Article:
UBA has evolved over time to become one of the leading sources of cybersecurity and fool-proof protection. For every person logging onto a particular website or application, the UBA system will create a log that tracks activity, permissions, peer interactions, etc. This way, they will have a pretty good picture of what the user is doing on their site.
Say, a hacker was trying to break through the firewall, or to log in with someone else’s account, or operating a user account in ways completely different from the account’s normal activity, the UBA system in place will send out alerts to notify the cybersecurity team; along with the name, location and other credentials of the malicious user. Not only does this allow the company to stop breaches in near-real time, it also provides a framework of each step the user took before the attack could happen. In the best case outcome, the company will be able to prevent security attacks before they even occur, by making sure that kind of activity is stopped from taking place.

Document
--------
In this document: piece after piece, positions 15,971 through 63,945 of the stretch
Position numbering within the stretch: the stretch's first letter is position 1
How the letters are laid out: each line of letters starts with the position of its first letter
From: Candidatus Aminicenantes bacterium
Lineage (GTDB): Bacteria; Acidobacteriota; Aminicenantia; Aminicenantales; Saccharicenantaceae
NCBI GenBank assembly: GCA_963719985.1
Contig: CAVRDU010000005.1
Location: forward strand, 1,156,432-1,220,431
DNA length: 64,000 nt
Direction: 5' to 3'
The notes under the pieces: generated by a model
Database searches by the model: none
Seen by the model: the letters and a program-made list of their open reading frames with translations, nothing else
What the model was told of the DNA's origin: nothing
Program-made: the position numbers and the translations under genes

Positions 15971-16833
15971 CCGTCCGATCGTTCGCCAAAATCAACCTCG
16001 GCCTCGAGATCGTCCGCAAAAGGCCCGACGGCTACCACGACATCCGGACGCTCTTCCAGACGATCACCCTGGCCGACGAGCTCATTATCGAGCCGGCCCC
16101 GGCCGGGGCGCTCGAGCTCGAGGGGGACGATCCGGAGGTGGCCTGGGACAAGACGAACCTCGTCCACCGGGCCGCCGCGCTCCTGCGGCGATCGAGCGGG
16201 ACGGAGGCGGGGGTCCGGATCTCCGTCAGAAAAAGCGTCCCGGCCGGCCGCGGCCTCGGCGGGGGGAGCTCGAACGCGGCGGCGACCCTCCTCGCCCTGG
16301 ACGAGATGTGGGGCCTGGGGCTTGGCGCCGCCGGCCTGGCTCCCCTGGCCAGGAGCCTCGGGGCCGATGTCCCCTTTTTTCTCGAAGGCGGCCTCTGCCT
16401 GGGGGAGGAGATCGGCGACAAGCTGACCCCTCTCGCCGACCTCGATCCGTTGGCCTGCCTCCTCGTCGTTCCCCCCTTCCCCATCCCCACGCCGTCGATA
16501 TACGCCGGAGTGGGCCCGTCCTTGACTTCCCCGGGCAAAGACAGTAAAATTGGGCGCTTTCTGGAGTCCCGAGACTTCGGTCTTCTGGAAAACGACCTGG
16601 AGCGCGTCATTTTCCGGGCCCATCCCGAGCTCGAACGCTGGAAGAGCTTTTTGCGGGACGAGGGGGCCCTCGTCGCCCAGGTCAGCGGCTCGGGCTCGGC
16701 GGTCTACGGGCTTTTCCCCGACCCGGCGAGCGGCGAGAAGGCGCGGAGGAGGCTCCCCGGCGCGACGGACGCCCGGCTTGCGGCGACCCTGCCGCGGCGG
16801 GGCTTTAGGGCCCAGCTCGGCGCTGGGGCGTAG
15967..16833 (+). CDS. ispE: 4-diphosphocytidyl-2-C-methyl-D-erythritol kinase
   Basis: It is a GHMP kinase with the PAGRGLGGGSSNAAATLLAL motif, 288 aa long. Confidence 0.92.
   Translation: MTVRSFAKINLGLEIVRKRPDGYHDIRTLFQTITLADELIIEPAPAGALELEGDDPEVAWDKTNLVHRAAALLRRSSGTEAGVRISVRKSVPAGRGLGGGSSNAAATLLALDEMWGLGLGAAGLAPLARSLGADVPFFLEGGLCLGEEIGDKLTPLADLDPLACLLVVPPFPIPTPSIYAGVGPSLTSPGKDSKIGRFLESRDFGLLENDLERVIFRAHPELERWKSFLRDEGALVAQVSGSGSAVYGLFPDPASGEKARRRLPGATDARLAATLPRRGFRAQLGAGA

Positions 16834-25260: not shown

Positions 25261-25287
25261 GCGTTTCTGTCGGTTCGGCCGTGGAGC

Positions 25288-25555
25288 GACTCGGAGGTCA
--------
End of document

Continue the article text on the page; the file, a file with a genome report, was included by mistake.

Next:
It should be noted that UBA is truly remarkable against insider threats, like data theft brought about by an employee who was granted access to valuable data and information by the company itself. In these cases, the system may forewarn the company that this employee has been, for instance, accessing this data for longer than normal durations and at odd hours; and from there, the essential steps can be taken to assure that the potential damage is minimized.
The 4 main cybersecurity threats that user behavior analysis has proven valuable against, are as follows:
‣ Compromised user
‣ Compromised host or server
‣ Data theft
‣ Insider threats
User behaviour analytics and information event management (SIEM)